Tuesday 2 Cents: Warren Solomon Gives Up the Best Dive Spots in Tobago
If you wanted to get the lo-down on the best dive spots in Tobago, you’d be hard-pressed to find a better person to talk to than Warren Solomon. Not only is he the island’s Director of Tourism, but he’s also an avid aqualung.
Actually, avid doesn’t quite describe Warren’s fascination with scuba diving. When I met his wife during my last visit to Tobago back in March and asked her about Warren’s favorite hobby, she shot me the look of a woman scorned before shaking her head and wistfully sighing, “He has a problem.”
Those of us who have known Warren for some time understand that this is but one of his many “problems”, but for the sake of protecting the innocent we’ll stick to the scuba diving today. Here’s his top-three “must-dive” spots in Tobago…
This site gets its name from the sea whip corals here that resemble Japanese bonsai trees. It’s almost as if a Japanese artist sat down and painted his royal garden here. The Garden is a shallow sloping reef that begins at a depth of 30 feet and tumbles down gracefully to 100 feet. Just when you’re sure that your leisurely visit is complete, you encounter the ‘Kamikaze Cut.’ The current picks up speed and you come barreling down towards two huge boulders, sure that the coming impact will spoil your day. But wait, you discover that a crevasse has been cut through the rocks and you pass between them, slow down, and find yourself returned to the calm and tranquil waters of Tobago. Nurse sharks and big barracudas like to hang out near the small caves at this site. There are also immense brain corals and large schools of jacks. Ian Fleming, author of the 007 novels, owned a house near here, on Goat Island, which sort of fits for such a thrilling dive.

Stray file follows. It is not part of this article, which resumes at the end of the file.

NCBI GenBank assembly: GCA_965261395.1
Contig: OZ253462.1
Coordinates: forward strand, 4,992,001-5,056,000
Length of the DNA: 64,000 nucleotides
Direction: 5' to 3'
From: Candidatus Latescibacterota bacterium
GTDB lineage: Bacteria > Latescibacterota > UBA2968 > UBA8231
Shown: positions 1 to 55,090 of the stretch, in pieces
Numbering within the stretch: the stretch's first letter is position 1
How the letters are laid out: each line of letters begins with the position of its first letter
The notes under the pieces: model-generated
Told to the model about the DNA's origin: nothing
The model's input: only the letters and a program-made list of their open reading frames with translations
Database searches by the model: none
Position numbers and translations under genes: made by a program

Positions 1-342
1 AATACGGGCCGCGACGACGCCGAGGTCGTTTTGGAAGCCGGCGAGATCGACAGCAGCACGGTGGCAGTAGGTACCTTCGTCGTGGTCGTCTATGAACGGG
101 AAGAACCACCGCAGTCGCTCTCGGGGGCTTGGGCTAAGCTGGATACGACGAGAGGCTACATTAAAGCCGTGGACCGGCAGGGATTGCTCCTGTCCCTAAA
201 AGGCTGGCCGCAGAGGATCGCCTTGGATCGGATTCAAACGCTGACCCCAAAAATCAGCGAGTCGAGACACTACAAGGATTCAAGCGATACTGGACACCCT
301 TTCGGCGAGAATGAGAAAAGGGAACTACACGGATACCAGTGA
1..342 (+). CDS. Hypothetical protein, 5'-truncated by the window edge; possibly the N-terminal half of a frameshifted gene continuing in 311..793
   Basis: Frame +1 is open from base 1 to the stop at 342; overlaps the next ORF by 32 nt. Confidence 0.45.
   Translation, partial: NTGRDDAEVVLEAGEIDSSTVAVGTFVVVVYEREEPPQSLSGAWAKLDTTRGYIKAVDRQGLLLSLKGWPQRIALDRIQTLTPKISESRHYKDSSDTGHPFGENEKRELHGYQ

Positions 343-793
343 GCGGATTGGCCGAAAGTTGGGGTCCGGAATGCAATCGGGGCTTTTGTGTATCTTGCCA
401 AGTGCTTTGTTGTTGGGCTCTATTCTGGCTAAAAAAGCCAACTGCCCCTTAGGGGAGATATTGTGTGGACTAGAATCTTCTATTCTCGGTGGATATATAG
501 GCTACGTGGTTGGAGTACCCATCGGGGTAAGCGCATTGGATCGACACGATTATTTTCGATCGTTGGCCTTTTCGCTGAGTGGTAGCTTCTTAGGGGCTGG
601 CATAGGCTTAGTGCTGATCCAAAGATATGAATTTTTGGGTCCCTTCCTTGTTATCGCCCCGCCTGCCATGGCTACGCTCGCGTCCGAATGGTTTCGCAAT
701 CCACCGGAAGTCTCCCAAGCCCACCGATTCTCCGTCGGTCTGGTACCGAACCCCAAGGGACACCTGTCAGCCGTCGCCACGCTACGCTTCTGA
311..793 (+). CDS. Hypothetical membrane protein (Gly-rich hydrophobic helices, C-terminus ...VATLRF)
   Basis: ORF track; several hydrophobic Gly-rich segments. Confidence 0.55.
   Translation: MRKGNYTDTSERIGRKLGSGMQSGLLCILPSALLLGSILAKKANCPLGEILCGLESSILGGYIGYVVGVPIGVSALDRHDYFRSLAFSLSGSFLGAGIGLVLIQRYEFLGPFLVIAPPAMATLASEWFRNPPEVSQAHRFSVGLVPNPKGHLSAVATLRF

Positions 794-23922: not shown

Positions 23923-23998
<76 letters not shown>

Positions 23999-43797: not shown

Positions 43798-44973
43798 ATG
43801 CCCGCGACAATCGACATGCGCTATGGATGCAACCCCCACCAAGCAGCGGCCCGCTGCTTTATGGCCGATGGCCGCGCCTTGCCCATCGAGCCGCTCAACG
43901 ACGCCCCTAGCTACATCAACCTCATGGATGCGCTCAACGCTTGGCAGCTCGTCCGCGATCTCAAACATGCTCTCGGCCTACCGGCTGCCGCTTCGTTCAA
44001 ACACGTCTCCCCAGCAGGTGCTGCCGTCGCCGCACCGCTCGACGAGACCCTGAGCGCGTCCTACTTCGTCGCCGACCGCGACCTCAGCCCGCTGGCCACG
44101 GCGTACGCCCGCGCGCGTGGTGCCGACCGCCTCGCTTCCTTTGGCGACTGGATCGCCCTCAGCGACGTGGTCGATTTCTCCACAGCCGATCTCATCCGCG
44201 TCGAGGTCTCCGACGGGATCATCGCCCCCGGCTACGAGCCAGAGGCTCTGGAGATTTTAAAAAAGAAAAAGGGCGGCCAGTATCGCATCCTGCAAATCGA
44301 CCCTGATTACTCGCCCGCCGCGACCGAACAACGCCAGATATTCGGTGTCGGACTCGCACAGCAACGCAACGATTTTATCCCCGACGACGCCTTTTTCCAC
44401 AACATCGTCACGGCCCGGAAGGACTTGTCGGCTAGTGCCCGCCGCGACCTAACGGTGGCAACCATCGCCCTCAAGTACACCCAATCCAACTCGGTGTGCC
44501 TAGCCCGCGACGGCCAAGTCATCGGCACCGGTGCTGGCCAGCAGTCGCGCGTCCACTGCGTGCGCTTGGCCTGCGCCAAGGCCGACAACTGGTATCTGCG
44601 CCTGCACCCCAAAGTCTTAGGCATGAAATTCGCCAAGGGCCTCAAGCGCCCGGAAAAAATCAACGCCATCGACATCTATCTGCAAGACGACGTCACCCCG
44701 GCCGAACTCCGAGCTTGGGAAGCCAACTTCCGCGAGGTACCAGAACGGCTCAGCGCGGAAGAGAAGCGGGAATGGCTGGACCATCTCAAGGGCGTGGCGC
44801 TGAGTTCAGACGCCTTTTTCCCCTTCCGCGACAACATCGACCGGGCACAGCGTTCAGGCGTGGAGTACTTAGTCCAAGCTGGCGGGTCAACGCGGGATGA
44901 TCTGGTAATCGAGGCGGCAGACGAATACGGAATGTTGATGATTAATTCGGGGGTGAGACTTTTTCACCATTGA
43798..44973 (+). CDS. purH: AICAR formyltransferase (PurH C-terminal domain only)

This is a wreck dive formed in 1997 when a ferry called the “Scarlett Ibis” (the national bird of Trinidad & Tobago and a tasty rum, by the way) was sunk to create an artificial reef. The 230-foot ship, which was later renamed the “Maverick”, sits upright on a sandy bottom at a maximum depth of 100 feet. In her years underwater she has put on a beautiful coat of corals and sponges. Schools of bait fish find shelter in the huge belly of the wreck. Jacks are attracted by this never ending stock of prey. It’s also cool to re-enact the “I’m King of the World” scene from the movie Titanic on the Maverick’s bow…..cheesey, but cool!
What makes this site so famous is the fact that it’s home to the world’s largest brain coral, which you see towards the end of this challenging dive. Go on, find a larger one than this…I dare ya! The nutrient rich water allows a luxuriant growth of sponges and soft coral. Big schools of Creole wrasse and jack fish are always there. Even nurse sharks and giant green moray eels are frequently seen. Don’t forget your camera!